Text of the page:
What is a Haemorrhoid?
Haemorrhoids are swollen veins in the anus and lower rectum. Also called piles, the blood vessels become enlarged and swollen due to increased pressure within them caused by several factors. Cases of haemorrhoids in Singapore are very common as they will occur in adults from time to time. Internal haemorrhoid occurs deeper inside the anus and is responsible for most painless fresh bleeding in younger adults. The more advanced internal haemorrhoid may extrude exteriorly. External haemorrhoid occurs more superficially and is associated with external lump and itch.
The most commonly associated internal haemorrhoid symptom is painless fresh bleeding during bowel movements. A variable amount of fresh blood is often seen in the toilet bowl. Sometimes, blood is seen while wiping.
Haemorrhoids can also cause anal discomfort and itch.
Sometimes there is an external anal lump, which may come and go or be permanently present.
Thrombosed external haemorrhoids often present with acute pain and a hard lump near the anus. This may sometimes require urgent surgery.
When a haemorrhoid causes significant symptoms as outlined above, you may visit a haemorrhoid doctor to confirm the diagnosis and institute effective treatment.
You should see a haemorrhoid specialist if you have blood in your stool. The haemorrhoid specialist will determine your risk of having a more serious indication other than piles after screening and conducting a rectal examination. A referral to see a gastroenterologist will be needed, if bleeding is not from simple piles.
Gastroenterologists are piles specialists that help to manage gut symptoms. You should never ignore the blood in your stool. The piles specialist would likely carry out a colonoscopy to determine the exact cause of the bleeding.
Under increased pressure, the veins around the anus are prone to stretch and swell up, causing haemorrhoids.
Several common causes include
- Chronic diarrhoea or constipation
- Straining during bowel movements
- Anal intercourse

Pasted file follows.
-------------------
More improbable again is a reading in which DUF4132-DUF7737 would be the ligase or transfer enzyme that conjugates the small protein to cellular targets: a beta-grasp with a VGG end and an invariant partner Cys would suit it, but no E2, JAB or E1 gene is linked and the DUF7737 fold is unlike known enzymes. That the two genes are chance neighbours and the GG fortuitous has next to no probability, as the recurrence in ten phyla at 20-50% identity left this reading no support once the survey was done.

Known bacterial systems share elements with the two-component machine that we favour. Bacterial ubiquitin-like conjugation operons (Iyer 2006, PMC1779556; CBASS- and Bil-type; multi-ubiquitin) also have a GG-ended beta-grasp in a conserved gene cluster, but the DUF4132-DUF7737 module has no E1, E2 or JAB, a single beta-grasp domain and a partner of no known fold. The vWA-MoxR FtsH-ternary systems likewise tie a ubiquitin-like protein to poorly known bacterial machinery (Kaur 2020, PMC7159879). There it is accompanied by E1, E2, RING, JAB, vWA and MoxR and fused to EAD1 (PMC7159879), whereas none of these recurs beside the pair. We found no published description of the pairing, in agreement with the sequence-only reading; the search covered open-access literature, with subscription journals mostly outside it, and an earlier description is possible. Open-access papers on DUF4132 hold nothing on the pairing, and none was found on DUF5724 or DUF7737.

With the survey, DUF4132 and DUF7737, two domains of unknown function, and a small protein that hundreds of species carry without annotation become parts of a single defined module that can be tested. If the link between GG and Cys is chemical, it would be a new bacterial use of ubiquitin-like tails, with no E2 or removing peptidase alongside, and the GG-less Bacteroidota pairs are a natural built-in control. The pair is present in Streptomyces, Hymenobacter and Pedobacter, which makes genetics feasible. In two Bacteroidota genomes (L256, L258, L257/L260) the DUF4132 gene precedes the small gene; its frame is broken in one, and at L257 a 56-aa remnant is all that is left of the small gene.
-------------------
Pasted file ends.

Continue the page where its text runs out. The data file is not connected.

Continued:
- Prolonged time spent sitting on the toilet
Patients with risk factors of colon cancer should undergo colonoscopy when they have bleeding during bowel movements.
Patient with risk factors for colon cancer includes:
- Family history of colon cancer and colon polyp
- Family or personal history of another form of cancer
- Diet heavy in processed/preserved meat or red meat
Piles or haemorrhoids are diagnosed with direct visualisation with proctoscopy or colonoscopy.
Haemorrhoid above the dentate line (found in the anal canal) is classified as an internal haemorrhoid.
Haemorrhoid below the dentate line is defined as an external haemorrhoid.
An internal haemorrhoid can also be classified according to how severe they are:
- Grade 1: enlarged haemorrhoid is always not visible from outside the anus
- Grade 2: Larger haemorrhoid that sometimes comes out of the anus but can return into the anus on its own
- Grade 3: Larger haemorrhoid that comes out of the anus that can be pushed back into the anus
- Grade 4: haemorrhoid that cannot be pushed back in
Bleeding from piles is often self-limiting. it will also often respond to simple medication available from family doctors. A Sitz bath can be helpful at times. Sometimes piles or haemorrhoid ligation can be done to treat it. The more severe cases may require more severe methods of hemorrhoids treatment such as surgery.
Bleeding from anal fissures would require medication to soothe the affected area. Stool softening often would help with reducing strain during a bowel movement.
Bleeding from the more serious causes would need proper treatment of the underlying cause. Polyps will be removed during colonoscopy using a snare. This procedure is called a polypectomy.
Cancer of the colon would require surgery and in some cases, chemotherapy and radiotherapy.